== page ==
Getting Started with Ionic, Part 1


| January 17, 2018 | in

There are many strategies to building mobile applications. Some people prefer to go the 100% native route, writing their applications in Swift / Java. Others like to use Xamarin and write one application in C#. There are yet still some that just write a single website that works well in mobile.

In this article, we are discussion none of the above. We are discussing building a mobile application using Ionic / Cordova.

Cordova has been around for a long while. Cordova is used to create mobile applications from HTML / JavaScript. Basically, your application will run within a web browser control, using HTML and JavaScript packaged with your application.

Ionic is a mobile framework that really shines with regards to performance. I have used Ionic 1 and it offered great performance and a pretty easy to use UI components. Ionic 2 ups the ante with by updating to Angular (2+) and using TypeScript instead of JavaScript.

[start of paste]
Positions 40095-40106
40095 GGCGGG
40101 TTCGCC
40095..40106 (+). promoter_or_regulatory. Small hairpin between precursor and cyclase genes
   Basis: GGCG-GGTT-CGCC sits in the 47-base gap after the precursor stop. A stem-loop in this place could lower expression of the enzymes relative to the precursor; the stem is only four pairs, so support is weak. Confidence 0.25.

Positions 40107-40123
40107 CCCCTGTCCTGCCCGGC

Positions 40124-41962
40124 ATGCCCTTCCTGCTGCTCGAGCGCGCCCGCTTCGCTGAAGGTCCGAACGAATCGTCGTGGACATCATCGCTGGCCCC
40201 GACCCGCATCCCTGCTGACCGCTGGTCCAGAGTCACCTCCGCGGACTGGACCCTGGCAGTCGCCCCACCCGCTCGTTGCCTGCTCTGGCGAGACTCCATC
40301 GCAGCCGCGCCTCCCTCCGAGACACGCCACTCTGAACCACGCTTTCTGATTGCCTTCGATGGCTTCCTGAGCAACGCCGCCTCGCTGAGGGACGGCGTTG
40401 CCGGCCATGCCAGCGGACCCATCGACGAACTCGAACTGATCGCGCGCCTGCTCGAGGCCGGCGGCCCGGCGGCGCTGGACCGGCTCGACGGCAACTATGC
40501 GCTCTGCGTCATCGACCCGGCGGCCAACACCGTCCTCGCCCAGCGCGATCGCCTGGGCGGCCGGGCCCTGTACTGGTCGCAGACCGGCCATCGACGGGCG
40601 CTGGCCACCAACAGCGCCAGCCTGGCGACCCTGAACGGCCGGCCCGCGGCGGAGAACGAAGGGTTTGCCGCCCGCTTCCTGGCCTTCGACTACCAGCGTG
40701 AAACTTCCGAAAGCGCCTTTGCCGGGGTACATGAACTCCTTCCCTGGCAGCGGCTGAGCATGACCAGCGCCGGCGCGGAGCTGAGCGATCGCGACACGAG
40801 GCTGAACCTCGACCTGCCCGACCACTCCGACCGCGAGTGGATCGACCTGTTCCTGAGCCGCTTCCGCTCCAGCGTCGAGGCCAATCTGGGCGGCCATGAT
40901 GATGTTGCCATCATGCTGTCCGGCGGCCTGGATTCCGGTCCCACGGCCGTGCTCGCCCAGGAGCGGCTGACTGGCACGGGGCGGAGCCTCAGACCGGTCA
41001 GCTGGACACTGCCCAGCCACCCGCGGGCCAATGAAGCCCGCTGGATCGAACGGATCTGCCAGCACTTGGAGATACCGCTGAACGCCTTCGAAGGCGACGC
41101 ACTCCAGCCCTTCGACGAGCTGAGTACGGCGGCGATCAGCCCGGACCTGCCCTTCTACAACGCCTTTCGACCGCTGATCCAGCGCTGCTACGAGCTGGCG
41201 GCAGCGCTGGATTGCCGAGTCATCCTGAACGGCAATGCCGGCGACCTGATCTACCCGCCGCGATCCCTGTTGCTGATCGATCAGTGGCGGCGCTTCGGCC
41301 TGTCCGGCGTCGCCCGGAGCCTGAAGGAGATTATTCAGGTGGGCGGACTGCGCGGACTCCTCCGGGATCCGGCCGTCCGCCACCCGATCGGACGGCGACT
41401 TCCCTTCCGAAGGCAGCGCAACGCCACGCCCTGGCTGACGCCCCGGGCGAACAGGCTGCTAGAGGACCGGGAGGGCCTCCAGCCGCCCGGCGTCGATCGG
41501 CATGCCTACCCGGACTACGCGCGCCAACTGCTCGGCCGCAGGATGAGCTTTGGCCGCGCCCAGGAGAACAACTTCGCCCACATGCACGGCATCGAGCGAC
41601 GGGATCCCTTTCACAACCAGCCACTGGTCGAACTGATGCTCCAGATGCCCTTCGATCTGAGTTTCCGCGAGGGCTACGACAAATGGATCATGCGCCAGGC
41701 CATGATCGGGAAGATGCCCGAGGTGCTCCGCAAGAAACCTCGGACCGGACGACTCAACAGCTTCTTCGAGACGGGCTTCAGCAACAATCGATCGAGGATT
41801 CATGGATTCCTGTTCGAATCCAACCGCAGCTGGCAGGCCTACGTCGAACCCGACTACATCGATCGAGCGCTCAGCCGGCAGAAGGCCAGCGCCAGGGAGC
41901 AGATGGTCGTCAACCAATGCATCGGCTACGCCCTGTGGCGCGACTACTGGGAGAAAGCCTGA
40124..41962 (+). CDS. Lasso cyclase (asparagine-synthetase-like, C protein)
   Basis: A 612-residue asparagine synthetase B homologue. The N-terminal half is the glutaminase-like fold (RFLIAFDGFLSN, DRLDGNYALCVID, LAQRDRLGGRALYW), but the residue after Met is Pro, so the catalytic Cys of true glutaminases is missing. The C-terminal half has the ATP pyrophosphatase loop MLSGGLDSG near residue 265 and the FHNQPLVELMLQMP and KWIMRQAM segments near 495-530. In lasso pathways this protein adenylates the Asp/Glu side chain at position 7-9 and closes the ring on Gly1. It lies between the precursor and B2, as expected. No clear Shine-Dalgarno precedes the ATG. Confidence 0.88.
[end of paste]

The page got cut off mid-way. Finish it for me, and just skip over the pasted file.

To get started with Ionic, you need to install it by running this command:

sudo npm install -g cordova ionic

Now you can create a new ionic app:

ionic start IonicDemo sidemenu

After you have an Ionic created, you can serve it:

ionic serve

Now you have a running Ionic project.

Ionic’s project structure is pretty easy to understand. There is a source directory that contains the code / pages we will develop to create our project.

The default setup has two pages, home and list.

Adding more pages is easy. We will add another directory under the existing pages and then add these three files using the command below: detail.html, detail.ts and detail.scss (right now we don’t need anything in detail.scss).

After that, we just need to do a little wiring up and we will have a new page added to our Ionic application.

Next, we need to add our page to app.modules.ts file:

Last, we need to update the list.ts page, to navigate to our detail page:

Now we have a working Ionic application with a detail page. If you navigate to the list page and then click any item, you will be taken to our new detail page.

The Ionic code used in this blog post series is located on GitHub at

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